Timothy T. Taylor Home Page
Journal of Economic Perspectives
Articles and Writing
Economics Textbook
Classroom Teaching
The Teaching Company
High School Pedagogy

Articles and Writing

March 2, 1997
"Family-leave Law Doesn't Work for Most Americans"
San Jose Mercury News
By Timothy Taylor
<< Back to 1997 menu

Four years ago, when President Clinton took office, the first bill he signed was the Family Medical Leave Act. FMLA assured eligible employees of 12 weeks of unpaid leave per year, without threat of job loss, to care for new children, sick relatives, or a personal health problem. Despite all the hubbub over the bill, the evidence is that it hasn't made much difference.

Workers eligible under FMLA were largely already eligible for such leave. FMLA covers most government employees. But among those in the private sector, it covers only those have worked more than 60 percent of the time for at least a year for an employer with more than 50 employees at a job site. With these limitations, only about half of U.S. employees were eligible. New mothers are typically even less likely to have enough recent work experience with a large enough employer. By one estimate, only 19 percent of new mothers are eligible for FMLA leave. Meanwhile, by the time FMLA passed, more than half the states had already enacted some form of parental leave.

Under federal law, employers were already required to treat pregnancy like any other disability under the Pregnancy Discrimination Act of 1978. The overwhelming majority of those who work for large companies or the government already had short-term disability coverage - and thus a form of family leave - as part of their fringe benefits. By the time already existing laws and FMLA eligibility limitations are taken into account, FMLA had little effect.

In one survey, over 90 percent of employers said that FMLA had no noticeable impact on business performance. No wonder! For a cynic, the FMLA can serve as another illustration of Clinton's philosophy of governing: Talk big, act small. Clinton is a master of the low-cost gesture: school uniforms, the V-chip, a tiny tax break or local grant, budget cuts scheduled for 2002. His family leave act is one more example.

But one can also argue that precisely because FMLA didn't try to accomplish too much, it was appropriate and useful. After all, it isn't usually sensible for the federal government to pass laws that would dramatically shake up the rules for almost 130 million widely disparate American workers.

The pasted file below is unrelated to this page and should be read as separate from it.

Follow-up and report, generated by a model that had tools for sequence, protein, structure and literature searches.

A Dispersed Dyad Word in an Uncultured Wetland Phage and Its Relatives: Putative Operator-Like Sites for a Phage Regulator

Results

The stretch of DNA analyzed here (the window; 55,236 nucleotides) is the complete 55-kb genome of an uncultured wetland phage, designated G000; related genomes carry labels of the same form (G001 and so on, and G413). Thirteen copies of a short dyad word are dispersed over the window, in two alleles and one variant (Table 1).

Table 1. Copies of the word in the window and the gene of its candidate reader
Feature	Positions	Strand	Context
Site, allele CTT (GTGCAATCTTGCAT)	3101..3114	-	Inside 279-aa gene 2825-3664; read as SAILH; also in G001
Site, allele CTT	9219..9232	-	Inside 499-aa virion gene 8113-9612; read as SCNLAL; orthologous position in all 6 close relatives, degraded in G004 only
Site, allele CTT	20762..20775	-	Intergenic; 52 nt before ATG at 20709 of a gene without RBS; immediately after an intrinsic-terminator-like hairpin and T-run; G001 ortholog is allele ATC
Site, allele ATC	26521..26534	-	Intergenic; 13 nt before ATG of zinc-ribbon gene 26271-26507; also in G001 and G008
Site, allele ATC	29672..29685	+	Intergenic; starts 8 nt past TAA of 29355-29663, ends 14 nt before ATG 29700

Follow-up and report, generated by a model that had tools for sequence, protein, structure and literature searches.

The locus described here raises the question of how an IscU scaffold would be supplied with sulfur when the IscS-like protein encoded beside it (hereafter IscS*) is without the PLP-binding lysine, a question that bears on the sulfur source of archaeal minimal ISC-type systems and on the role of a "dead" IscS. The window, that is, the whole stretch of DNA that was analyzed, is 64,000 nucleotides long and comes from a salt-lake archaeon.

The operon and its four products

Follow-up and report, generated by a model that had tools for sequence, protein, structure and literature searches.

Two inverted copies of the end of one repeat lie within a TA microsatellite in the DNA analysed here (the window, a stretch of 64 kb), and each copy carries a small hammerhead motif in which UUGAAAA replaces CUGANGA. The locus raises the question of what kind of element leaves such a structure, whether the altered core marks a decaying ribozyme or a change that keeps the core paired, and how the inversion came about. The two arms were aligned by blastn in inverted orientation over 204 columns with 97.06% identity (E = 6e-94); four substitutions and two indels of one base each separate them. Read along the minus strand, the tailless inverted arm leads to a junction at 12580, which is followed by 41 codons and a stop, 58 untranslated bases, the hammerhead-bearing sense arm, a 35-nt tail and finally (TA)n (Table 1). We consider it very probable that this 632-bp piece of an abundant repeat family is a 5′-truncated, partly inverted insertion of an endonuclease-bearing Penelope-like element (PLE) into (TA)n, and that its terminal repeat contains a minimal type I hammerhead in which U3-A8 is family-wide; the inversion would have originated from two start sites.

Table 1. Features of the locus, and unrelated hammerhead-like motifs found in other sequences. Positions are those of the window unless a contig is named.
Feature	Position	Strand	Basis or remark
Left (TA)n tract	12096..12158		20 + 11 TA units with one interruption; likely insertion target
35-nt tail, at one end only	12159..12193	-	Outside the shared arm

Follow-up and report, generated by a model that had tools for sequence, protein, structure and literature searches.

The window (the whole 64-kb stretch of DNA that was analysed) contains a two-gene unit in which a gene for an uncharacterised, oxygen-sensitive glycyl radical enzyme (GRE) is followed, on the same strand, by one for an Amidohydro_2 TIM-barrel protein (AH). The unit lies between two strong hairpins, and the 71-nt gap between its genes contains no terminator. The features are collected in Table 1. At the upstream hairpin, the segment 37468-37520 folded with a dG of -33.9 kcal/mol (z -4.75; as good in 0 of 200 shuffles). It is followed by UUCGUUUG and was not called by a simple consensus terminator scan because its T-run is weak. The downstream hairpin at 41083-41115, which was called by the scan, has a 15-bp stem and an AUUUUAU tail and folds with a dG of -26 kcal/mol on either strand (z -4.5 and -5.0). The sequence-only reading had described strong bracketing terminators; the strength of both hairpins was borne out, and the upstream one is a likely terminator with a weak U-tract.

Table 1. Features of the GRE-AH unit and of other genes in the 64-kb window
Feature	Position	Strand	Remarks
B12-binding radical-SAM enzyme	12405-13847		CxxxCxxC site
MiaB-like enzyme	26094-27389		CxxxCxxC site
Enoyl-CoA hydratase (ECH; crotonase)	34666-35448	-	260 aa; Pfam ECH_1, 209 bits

Instead, the proper federal role in the workplace is to set minimum standards for safety, nondiscrimination, non-harassment, hours, wages, and so on that minimize serious abuses. Implicit in this view of federal responsibility is that most employers, most of the time, should already be near or above the standard, which was certainly the case with FMLA. As his second term gets underway, Clinton has been pushing two extensions of FMLA. One would allow eligible workers 24 hours a year of unpaid leave for duties like taking children or parents to a doctor's appointment, or attending a conference with a child's teacher. The second would let workers store up 80 overtime hours per year and, if they chose, use them as flexible time off.

Before getting too hot and bothered over these proposals, remember that the Republican Congress isn't likely to let Clinton push them through. Or if it does, by the time Congress and business lobbyists hammer out the fine print of who is eligible, any extension of FMLA will end up affecting many fewer people than you might expect. But it also seems to me that these extensions are less defensible than the original bill, because they take the federal government closer to micromanaging the workforce.

A new baby is a demonstrable fact, and doesn't happen every month. But who is to mediate or adjudicate if employees suddenly claim the need to take their 24 hours of annual leave for school conferences and medical visits right around a holiday like Thanksgiving or Christmas? I can too easily imagine nasty battles as employees seek to bank 80 overtime hours which they could use for two extra weeks of vacation.

Better to let companies, unions, and state and local levels of government experiment with expanded family leave rules. When the kinks have been worked out, it will be time enough for the federal government to extend FMLA.

<< Back to 1997 menu